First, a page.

The ideal market would allow everyone to invest, on their own terms, and legally, using whatever money they wish to risk.
Throughout the start of 2021, influxes of retail traders into the stock markets created forces more associated with institutional investors. One report by USA Today highlights the astonishing impact of retail investors on the fortune of ailing games retailer GameStop, resulting in the rapid decline of one noted hedge fund and the skyrocketing price of the stock. One phenomenon that retail investors had sought to tackle was large-scale short selling, which can have an undue impact on the fortunes of a business. The legal stock market landscape is now stepping in to change laws, and move the market towards a greater period of stability and fairness.
When retail or individual investors first step into the investment game, they often use analytical tools and industry experience to help mentor them through. Various investment opportunities and simple value trading, combined with a few tips here and there and operational nous, can help investors to step up to the next level. The huge weight of institutional investors and the whims that they operate on can damage that level of equality, and the SEC has sought to actively legislate against this after the $GME controversy. According to Gulf News, the SEC is weighing up the reintroduction of an old rule that would restrict levels on short-selling. While this has been derided as an artificial move in some quarters, it helps to reduce the power of institutions to a degree.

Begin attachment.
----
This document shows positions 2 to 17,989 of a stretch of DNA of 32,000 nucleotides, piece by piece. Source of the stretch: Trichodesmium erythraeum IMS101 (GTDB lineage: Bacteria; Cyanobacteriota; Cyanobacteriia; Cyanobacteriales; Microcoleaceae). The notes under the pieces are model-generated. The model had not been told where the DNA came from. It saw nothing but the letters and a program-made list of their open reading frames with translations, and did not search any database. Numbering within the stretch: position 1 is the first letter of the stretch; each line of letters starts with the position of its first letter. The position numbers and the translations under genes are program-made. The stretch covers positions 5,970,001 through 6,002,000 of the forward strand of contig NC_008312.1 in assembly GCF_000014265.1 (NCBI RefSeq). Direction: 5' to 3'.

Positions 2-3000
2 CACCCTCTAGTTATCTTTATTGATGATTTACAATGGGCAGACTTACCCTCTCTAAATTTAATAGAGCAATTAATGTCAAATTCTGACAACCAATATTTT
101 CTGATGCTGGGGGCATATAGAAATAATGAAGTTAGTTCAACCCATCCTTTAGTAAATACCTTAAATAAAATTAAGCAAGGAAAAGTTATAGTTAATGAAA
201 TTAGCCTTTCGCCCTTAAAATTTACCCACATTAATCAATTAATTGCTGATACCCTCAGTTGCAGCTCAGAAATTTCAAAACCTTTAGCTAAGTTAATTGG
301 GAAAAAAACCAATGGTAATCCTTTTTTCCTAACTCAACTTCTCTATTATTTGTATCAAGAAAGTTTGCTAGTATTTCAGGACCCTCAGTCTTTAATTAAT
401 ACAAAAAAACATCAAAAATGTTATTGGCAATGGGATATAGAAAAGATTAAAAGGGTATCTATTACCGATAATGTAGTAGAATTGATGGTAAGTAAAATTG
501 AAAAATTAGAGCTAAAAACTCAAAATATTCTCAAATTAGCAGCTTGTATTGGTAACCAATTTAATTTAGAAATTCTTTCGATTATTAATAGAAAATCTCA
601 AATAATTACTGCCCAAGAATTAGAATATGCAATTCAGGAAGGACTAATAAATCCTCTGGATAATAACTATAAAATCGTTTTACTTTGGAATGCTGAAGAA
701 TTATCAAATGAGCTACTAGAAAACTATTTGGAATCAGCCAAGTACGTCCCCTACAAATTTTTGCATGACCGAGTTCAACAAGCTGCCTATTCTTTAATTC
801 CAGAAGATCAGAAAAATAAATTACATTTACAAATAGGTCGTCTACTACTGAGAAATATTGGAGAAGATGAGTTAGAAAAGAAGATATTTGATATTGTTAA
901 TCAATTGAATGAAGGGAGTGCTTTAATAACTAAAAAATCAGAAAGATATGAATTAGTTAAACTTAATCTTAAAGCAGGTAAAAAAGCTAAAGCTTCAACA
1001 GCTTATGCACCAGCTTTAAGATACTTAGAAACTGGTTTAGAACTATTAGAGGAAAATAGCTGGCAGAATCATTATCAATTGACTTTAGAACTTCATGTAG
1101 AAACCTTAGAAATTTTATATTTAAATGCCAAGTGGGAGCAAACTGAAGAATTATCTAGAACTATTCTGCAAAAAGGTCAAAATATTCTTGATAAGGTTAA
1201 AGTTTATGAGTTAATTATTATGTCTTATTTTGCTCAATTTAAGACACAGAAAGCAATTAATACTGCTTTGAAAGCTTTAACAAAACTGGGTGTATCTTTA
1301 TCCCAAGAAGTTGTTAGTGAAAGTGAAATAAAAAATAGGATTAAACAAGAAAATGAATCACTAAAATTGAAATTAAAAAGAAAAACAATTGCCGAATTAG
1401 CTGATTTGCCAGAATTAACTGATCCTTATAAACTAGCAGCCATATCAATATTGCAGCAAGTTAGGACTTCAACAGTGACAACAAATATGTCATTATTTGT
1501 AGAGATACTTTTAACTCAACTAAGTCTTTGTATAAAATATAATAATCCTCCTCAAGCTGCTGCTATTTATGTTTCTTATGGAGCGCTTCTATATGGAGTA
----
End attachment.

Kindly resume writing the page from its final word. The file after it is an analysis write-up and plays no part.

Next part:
Reducing institutional weight
This move, to allow more freedom and agency to smaller sellers, is also reflected in the new direct listing law changes. According to CNBC, these will allow businesses to raise capital from new sources, not just from reselling shares on the stock market. The ultimate impact of this is greater stability. Keen viewers of the stock markets will have seen the volatile one-day drops that DoorDash and Airbnb on the whims of large stock investments. Ultimately, with large investors unable to change the market with the drop of a hat, this will lead to greater stability.
According to Bloomberg, the most interesting of all the changes rumored to be impacting the stock market is a change in transparency. New rules suggested by retail trader representatives would force a great level of disclosure upon hedge funds and other institutional investors, so that their positions and strategies would be much clearer to the public and low-level traders. This, in turn, could impact the financial and investment habits of government employees and elected representatives. While only in the pipeline, changes as wide-ranging as these in the legal arena of stock investing will have huge impacts and, perhaps, change the market permanently.
For investors of all types, these are exciting and uncertain developments. The ideal market would allow everyone to invest, on their own terms, and legally, using whatever money they wish to risk. These laws are designed to make a new and much more level playing field.